Over the past decade, consumers have grown used to multichannel banking, using a combination of branches, call centres and online channels to handle their financial affairs. More recently, mobile devices have created not just opportunities, but also challenges for traditional banks, forcing them to tweak existing systems and processes to optimise the user experience for these new devices.
Alongside this, though, a new breed of customer has emerged; one who has grown up surrounded by digital interaction and has no desire to be a multichannel customer. “These are true digital natives who don’t visit the branch or call the call centre and often don’t use online banking either,” says Geoffrey Keast, digital channels and payments director for Europe, the Middle East and Africa at financial technology firm Fiserv. “They try to perform as many of their banking functions as they need to on their mobile device.”
As a result, banks need to devise systems and processes with the mobile-only user in mind, from the user interface to back-office processes, rather than attempting to shoehorn existing operations into a mobile format. One example of a financial institution which has done just this is America First Credit Union, which has recently worked alongside Fiserv to refine its front and back-end processes to enable customers looking for a loan to conduct the entire process from their smartphone. This can be for a number of products, including vehicle and personal loans.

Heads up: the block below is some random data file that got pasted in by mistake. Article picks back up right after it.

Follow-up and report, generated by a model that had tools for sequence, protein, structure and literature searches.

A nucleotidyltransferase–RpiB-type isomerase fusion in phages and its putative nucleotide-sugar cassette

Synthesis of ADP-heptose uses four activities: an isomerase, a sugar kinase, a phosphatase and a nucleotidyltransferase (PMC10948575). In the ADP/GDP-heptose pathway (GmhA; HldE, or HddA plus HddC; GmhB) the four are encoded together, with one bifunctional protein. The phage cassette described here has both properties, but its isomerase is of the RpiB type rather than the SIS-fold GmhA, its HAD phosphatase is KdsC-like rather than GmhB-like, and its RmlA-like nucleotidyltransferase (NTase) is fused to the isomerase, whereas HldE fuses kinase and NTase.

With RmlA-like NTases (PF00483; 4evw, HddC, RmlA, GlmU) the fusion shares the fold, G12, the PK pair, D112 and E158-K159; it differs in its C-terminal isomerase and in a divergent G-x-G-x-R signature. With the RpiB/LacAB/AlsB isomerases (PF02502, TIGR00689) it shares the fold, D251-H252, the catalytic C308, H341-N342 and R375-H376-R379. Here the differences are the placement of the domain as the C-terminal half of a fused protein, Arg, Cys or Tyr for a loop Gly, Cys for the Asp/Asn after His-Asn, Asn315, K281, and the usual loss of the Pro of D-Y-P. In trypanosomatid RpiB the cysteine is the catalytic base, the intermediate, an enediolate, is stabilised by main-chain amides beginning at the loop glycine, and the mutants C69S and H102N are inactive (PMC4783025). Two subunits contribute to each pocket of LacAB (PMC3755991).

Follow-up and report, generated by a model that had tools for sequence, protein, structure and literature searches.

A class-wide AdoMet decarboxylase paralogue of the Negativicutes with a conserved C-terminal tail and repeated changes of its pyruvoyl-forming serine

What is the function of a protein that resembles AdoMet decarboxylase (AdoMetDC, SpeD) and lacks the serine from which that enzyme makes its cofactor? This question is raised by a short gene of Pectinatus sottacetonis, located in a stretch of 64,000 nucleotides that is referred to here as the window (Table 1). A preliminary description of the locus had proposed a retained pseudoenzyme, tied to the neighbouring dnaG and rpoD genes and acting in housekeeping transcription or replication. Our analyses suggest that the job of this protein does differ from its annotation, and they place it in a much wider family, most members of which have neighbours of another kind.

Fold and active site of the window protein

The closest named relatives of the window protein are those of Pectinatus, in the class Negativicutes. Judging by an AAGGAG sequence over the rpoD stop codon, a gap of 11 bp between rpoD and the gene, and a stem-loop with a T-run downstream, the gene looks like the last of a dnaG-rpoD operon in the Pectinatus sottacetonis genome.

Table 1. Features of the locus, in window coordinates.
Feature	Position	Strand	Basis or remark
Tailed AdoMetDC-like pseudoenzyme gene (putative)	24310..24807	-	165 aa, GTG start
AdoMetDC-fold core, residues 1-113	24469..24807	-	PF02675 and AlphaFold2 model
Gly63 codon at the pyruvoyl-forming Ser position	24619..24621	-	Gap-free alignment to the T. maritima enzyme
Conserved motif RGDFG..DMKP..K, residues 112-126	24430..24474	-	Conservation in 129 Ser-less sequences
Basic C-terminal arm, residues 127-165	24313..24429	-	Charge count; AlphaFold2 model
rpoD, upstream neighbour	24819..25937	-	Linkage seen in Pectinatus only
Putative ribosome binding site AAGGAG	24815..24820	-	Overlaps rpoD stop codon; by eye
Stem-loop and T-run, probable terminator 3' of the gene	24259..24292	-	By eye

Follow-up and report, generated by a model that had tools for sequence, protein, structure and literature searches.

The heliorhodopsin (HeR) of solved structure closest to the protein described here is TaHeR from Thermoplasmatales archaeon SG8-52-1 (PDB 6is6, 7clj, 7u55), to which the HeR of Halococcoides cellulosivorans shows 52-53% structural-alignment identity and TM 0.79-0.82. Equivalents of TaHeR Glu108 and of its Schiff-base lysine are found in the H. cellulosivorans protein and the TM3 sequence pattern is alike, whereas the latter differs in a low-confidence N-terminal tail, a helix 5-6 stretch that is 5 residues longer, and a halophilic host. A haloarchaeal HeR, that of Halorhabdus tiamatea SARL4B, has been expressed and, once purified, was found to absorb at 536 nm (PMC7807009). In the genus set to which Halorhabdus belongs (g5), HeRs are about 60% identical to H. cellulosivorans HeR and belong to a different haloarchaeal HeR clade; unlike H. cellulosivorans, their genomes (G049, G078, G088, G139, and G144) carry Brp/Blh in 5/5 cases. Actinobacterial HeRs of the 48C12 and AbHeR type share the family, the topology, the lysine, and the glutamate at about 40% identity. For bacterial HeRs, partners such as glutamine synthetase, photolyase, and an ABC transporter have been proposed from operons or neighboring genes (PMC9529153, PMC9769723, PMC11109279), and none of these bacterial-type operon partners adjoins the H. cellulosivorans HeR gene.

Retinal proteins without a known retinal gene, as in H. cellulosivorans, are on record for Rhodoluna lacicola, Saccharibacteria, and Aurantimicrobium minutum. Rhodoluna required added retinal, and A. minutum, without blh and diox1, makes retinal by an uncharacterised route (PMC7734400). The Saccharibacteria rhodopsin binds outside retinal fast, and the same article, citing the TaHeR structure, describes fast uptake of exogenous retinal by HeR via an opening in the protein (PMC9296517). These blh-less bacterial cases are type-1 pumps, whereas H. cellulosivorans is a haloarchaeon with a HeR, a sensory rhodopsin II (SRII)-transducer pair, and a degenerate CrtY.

Those banks that can offer convenience stand to not only retain existing customers, but win new ones too
“The first thing they tackled was the upfront capture of information,” says Mr Keast. “They allow members looking for a car loan to take a photo of the vehicle identification number and send that away to the bank.” Leveraging mobile phone camera technology for banking was an easy segue for members to make, as remote deposit capture is highly prevalent in the US market. This allows customers to take a photo of their cheque and send it to the bank for processing, something that could be rolled out next year in the UK.
The system then performs a number of other stages instantaneously, including running a check on the valuation of the car and credit-checking that individual, both internally and with external credit-rating agencies. “They’re making the credit risk decision in real-time rather than through a batch-based process, which is how a lot of banks currently operate,” says Mr Keast.
The upshot is that individuals get an almost immediate response to their loan request, and any request that would ordinarily be rejected is referred to a call centre, which can contact that person to discuss any issues there and then. “A mobile user doesn’t want a delayed process; they want an immediate response because they’re in the moment,” adds Mr Keast.